We expect this top to stick around longer than almost of its competition.
This model stretches to fit over t-shirts easily, but feels a little tight over top of even thin base layers. However, with the high level of comfort provided by this top, we're not sure why you'd want to pass it up as your first layer.
fits under mid-layers and jackets easily, as the smooth outer surface of this model gently slides into the sleeves of over-layers. However, it was prone to moving around a bit under other layers, which forced us to regularly readjust. The best lightweight model for layering was the Rab Merino+ 160
, but for the ultimate in layering ability, check out the Arc'teryx Rho AR
The Warm fit well underneath this mid-layer, but occasionally required adjustment when it didn't stay in its place.
If you need a base layer for low to medium activity in cold or cool temperatures, this product will serve you well. Furthermore, if your skin rejects itchy fabrics, we can't imagine it would complain about the ultra smooth and comfy feeling of this shirt's fabric.
We were happy that we could find a solid base layer that didn't cost $90-$100. Although it didn't win any category, it performed well enough for us to consider this model, with its $60 price tag, an excellent value. The Warm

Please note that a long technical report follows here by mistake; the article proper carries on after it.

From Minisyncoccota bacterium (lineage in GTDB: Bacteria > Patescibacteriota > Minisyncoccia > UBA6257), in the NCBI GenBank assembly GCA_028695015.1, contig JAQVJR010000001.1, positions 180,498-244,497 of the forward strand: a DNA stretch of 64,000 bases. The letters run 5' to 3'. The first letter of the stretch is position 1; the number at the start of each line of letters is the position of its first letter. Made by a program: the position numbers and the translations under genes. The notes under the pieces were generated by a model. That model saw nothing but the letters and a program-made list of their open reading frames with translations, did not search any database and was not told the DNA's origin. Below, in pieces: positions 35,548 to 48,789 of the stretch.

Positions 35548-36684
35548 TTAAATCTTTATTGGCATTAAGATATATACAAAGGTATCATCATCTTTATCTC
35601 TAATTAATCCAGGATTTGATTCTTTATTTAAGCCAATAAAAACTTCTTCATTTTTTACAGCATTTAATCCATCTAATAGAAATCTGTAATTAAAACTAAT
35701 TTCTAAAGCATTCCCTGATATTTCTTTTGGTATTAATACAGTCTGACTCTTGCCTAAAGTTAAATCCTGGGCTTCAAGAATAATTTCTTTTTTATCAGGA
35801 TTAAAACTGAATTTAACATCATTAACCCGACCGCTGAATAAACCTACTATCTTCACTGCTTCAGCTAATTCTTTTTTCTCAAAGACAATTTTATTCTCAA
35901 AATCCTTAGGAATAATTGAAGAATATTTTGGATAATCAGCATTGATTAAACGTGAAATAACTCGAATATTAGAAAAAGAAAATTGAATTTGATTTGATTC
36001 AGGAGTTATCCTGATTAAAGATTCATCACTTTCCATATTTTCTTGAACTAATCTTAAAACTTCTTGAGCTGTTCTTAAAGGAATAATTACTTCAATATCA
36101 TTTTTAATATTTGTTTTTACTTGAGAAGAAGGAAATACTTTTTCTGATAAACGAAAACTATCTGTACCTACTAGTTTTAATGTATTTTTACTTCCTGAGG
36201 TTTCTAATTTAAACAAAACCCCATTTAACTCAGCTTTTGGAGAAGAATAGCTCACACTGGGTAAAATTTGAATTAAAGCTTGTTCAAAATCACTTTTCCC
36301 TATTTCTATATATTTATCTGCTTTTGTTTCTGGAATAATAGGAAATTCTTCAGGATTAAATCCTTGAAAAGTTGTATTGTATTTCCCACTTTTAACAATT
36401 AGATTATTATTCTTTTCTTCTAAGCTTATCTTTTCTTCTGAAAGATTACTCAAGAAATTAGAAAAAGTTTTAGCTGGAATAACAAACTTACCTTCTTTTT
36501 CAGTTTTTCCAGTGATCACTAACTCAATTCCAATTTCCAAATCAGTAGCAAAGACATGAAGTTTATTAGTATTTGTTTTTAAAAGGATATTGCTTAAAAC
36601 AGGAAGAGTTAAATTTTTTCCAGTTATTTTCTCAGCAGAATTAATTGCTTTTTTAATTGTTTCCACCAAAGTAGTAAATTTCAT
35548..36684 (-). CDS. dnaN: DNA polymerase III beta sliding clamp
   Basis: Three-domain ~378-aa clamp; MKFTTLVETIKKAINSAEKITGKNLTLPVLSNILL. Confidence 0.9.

deserves our Best Buy award.
Our Best Buy award winner from The North Face proved its value with its great comfort, durability, and all-around solid performance.
From the moment we first pulled our arms and head through the appropriate holes of The North Face Warm
, we crossed our fingers that this super comfy shirt would also perform well in the field. To our satisfaction, it didn't disappoint, especially in terms of breathability and longevity. The products that managed to outscore this top also cost a full $30 more. It's inexpensive in comparison to the other models, breathes well, and will likely outlast the competition in the long run. Best Buy? Oh yeah!